Worlds collided here just before the summer meeting of the National Association of Insurance Commissioners.
NAIC members met here at an annual seminar with representatives from the securities regulation sector.
In sessions at the seminar and in interviews with National Underwriter, experts who talked about issues that cross sector boundaries include James Wrona, a counsel at the National Association of Securities Dealers, Washington, Joseph Borg, the Alabama securities director and president of the North American Securities Administrators Association, Washington; and North Dakota Insurance Commissioner Jim Poolman.
Poolman has been talking with securities regulators about the NAIC’s new Viatical Settlements Model Act.
Wrona talked about a proposed NASD rule, Proposed Rule 2821, that would cover the sales and supervision practices used in the sale of deferred variable annuities.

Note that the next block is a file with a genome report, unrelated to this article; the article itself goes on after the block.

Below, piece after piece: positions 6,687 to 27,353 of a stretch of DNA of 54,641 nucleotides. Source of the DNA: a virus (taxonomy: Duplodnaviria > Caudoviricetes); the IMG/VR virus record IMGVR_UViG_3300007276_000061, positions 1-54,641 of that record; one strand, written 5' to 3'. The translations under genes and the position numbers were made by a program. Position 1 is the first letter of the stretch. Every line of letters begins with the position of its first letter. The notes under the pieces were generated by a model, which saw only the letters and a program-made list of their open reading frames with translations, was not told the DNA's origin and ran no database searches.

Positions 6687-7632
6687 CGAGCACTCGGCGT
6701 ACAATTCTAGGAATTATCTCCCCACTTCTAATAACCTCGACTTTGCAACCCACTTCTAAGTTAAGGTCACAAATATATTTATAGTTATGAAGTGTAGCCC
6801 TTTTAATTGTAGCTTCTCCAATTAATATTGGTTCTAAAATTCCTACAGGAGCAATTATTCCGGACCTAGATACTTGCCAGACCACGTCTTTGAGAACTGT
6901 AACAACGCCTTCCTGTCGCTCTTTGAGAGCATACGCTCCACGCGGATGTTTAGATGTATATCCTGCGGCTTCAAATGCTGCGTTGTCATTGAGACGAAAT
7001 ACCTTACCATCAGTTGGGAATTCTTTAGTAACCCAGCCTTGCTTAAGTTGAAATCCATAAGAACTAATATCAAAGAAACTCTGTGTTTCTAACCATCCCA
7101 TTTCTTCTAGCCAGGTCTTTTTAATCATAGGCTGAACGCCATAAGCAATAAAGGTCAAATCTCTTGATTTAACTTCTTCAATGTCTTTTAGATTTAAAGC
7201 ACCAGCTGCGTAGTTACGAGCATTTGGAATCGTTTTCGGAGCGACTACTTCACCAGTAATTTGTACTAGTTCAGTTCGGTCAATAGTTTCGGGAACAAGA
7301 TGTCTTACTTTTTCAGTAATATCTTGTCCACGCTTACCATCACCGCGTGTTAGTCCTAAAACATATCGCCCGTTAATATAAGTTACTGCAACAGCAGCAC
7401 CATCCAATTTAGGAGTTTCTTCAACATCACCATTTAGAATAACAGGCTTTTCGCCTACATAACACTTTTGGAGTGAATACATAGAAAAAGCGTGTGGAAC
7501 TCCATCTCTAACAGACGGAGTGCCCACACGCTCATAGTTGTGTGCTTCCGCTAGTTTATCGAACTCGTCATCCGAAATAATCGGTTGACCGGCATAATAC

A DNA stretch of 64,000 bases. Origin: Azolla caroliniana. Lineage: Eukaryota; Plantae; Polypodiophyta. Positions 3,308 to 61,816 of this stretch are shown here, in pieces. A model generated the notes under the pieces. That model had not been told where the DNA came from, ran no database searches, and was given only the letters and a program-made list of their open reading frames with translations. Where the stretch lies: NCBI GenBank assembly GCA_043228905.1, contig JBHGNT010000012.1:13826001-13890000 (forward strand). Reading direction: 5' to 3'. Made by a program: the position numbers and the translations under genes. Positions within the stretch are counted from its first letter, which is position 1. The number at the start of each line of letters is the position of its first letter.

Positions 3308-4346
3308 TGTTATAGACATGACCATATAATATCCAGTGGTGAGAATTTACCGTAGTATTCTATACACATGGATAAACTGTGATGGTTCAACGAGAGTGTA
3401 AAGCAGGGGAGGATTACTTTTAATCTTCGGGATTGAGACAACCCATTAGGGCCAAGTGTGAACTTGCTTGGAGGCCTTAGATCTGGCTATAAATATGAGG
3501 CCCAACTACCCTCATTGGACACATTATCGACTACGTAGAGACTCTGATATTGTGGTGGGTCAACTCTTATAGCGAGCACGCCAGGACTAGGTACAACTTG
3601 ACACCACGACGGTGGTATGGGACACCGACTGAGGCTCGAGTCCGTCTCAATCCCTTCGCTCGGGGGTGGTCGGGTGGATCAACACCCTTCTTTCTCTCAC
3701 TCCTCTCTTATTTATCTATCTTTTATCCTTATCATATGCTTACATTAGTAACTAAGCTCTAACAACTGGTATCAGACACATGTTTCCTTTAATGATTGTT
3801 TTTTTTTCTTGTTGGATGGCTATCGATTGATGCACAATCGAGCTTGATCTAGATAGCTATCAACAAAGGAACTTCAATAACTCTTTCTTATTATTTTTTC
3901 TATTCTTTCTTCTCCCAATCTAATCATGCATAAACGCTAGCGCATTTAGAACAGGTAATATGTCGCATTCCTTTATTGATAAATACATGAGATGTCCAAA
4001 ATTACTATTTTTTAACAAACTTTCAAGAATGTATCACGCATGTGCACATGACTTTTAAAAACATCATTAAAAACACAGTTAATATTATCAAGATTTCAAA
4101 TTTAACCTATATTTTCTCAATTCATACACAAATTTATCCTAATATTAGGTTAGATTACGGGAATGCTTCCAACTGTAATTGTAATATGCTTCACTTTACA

The proposed rule would require a registered rep to have a reasonable basis for offering a deferred variable annuity, rather than another type of product, and the rep would have to make the consumer aware of product characteristics such as surrender periods, tax penalties, and mortality and expense fees, Wrona said.
Borg talked about the differences between the mindsets of securities regulators and insurance regulators.
Securities regulators focus mainly on how a product is sold and whether the product is suitable for the purchasers, while insurance regulators also have to make sure that the products being filed will do what the companies say the products will do, Borg said.
Insurance regulators also have to think about the safety and soundness of the insurance company, Borg said.
CORRECTION: An earlier version of this article gave incorrect information about where some of the speakers made their statements.